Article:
"The Smurfs' Village," a game for the iPhone and other Apple gadgets, was released a month ago and quickly became the highest-grossing application in the iTunes store. Yet it's free to download.
So where does the money come from? Kelly Rummelhart of Gridley, Calif., has part of the answer. Her 4-year-old son was using her iPad to play the game and racked up $66.88 in charges on her credit card without knowing what he was doing.
Rummelhart had no idea that it was possible to buy things - buy them with real money - inside the game. In this case, her son bought one bushel and 11 buckets of "Smurfberries," tokens that speed up gameplay.
"Really, my biggest concern was them scratching the screen. Never in my wildest dreams did I think they would be charging things on it," the 36-year-old mother said.
She counts herself lucky that her son didn't start tapping on another purchase button, like the "wheelbarrow" of Smurfberries for $59.99.
Rummelhart joins a number of parents who have been horrified by purchases of Smurfberries and other virtual items in top App Store games. The 17 highest-rated comments on "The Smurfs' Village" in the App Store all complain about the high cost of the Smurfberries, and two commenters call it a "scam."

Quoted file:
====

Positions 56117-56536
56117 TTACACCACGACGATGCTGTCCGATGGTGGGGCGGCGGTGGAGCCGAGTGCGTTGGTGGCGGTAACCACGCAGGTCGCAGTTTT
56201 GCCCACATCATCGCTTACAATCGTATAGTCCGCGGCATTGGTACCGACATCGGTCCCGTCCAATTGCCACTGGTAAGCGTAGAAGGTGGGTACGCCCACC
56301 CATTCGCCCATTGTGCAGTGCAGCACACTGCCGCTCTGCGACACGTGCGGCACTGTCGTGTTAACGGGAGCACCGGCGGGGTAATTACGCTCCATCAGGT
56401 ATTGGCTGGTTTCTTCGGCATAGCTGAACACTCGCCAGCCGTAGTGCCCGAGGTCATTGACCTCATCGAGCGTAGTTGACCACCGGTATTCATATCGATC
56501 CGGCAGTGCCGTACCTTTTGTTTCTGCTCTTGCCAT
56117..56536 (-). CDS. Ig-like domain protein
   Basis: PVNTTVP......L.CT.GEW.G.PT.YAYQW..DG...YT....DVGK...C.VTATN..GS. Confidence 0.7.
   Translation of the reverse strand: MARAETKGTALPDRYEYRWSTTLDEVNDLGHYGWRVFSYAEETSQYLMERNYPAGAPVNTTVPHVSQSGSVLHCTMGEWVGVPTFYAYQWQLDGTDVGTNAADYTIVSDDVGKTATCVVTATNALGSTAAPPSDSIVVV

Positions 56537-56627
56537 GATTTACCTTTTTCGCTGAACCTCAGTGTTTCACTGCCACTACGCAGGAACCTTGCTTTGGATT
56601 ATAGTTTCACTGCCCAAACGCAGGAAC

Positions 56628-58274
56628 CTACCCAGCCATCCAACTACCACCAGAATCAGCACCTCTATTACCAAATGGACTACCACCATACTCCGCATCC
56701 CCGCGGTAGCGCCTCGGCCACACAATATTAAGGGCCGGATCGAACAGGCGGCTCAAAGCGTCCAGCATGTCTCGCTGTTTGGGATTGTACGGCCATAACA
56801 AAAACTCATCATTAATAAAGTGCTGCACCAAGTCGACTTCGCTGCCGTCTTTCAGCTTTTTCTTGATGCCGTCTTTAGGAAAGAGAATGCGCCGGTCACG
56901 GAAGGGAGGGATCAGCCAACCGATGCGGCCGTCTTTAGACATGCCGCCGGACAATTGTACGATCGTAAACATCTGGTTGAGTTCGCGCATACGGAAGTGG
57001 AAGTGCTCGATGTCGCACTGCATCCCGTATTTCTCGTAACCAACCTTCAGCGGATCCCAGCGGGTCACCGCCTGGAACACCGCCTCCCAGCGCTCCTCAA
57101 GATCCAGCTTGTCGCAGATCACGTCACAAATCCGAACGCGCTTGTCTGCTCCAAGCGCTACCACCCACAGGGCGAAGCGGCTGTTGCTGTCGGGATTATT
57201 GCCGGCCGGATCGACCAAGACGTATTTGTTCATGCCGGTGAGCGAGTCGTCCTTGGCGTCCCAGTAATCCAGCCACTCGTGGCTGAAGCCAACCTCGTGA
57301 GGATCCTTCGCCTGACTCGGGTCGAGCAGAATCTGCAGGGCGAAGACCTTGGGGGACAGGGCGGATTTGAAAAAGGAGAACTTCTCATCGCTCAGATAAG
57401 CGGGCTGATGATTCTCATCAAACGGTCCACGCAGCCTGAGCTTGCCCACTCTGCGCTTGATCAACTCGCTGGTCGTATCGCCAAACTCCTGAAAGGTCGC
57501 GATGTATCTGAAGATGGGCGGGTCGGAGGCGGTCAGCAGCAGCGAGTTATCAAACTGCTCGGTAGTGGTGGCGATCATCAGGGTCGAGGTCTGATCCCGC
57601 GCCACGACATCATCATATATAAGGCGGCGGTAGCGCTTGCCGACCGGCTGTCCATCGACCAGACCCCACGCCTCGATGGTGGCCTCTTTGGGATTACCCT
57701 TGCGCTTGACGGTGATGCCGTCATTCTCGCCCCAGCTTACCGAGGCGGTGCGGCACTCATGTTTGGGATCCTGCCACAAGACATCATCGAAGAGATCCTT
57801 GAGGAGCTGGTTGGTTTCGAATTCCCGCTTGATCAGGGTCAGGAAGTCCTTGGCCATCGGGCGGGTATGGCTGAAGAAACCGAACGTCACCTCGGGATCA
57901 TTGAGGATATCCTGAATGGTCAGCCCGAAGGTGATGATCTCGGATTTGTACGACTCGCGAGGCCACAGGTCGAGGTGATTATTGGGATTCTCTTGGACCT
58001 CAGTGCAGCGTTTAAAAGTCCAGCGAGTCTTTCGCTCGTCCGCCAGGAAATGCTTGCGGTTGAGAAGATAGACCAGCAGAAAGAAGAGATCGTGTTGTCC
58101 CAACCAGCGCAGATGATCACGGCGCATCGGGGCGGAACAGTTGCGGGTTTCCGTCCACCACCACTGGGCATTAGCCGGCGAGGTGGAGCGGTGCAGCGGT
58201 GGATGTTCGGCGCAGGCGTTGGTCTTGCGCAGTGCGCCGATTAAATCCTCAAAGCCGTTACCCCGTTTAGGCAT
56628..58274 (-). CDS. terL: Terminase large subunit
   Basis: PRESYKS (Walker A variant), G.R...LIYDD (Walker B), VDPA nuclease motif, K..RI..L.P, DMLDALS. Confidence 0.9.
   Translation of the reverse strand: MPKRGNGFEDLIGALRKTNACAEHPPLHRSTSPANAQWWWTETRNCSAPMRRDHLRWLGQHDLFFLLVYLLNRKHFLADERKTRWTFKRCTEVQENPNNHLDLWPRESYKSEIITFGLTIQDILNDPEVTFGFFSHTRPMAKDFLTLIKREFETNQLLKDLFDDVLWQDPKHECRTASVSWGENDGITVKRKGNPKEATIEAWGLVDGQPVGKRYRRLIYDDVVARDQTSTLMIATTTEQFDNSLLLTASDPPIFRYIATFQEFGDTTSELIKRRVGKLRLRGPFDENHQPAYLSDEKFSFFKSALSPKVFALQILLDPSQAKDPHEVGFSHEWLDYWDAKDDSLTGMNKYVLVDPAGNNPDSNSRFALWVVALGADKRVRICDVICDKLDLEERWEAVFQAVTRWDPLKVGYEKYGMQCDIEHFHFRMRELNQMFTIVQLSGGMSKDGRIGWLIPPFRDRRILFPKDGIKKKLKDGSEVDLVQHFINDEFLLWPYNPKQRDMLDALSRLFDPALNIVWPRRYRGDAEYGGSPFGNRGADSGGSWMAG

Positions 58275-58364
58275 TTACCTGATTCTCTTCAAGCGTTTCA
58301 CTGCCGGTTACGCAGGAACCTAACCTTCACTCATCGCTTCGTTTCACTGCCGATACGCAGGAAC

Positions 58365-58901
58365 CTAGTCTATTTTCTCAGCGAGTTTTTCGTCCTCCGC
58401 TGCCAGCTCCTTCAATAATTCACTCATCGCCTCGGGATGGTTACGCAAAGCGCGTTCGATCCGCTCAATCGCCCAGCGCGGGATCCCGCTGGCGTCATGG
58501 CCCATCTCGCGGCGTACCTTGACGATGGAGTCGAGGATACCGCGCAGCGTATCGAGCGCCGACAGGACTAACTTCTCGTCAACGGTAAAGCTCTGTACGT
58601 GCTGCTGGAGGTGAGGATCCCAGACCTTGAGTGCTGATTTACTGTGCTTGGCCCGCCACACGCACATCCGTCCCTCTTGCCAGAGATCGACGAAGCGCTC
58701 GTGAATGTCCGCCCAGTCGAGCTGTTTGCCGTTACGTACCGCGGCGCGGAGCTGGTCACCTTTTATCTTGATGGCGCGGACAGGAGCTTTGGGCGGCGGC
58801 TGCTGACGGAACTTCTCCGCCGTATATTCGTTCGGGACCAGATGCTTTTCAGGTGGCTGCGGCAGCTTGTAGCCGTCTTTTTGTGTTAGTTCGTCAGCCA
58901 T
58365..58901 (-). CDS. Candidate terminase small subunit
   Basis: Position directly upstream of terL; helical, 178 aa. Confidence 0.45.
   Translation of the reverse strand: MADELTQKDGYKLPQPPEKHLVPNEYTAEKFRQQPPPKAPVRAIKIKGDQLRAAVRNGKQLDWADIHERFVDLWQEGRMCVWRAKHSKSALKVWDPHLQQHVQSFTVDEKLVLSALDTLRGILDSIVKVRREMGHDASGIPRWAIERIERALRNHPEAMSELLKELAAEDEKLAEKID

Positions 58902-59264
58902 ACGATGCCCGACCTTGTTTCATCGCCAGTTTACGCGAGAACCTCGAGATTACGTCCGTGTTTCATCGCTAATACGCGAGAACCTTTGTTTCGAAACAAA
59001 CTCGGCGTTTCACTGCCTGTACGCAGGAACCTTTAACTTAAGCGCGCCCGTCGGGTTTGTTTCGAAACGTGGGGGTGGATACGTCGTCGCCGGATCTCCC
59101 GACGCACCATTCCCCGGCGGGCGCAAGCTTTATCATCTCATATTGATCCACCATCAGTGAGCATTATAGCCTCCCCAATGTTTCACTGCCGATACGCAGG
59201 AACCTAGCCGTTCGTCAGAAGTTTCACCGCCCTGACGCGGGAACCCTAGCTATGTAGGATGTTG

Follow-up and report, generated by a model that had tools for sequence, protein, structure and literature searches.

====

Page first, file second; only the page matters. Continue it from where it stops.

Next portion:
This year, developers have started to use the system in earnest as the main revenue stream for many games. Of the 10 highest-grossing apps in the App Store, six are games that are free to download but allow in-app purchases. Four of those are easy, child-friendly games. Two of them, "Tap Zoo" and "Bakery Story," have buttons for in-app purchases of $100 in just two taps.
It's quite likely that most of the money pulled in by these games comes from addicted adults who want to quickly build their Smurf villages, bakeries, zoos and zombie farms. But there's a loophole in the in-app purchase process that children stick their fingers through.
Usually, the purchases require the owner of the device to enter his or her iTunes password. But there is no password challenge if the owner has entered the password in the last 15 minutes for any reason. That means that if a user enters the password for a purchase or a free app upgrade, then hands the phone or iPad over to a kid, the child will not be stopped by a password prompt.
Capcom and other game publishers have no control over the 15-minute password-free period, which is set by Apple.
However, there's reason to believe that the password timeout doesn't always work.. Click Here for more info.
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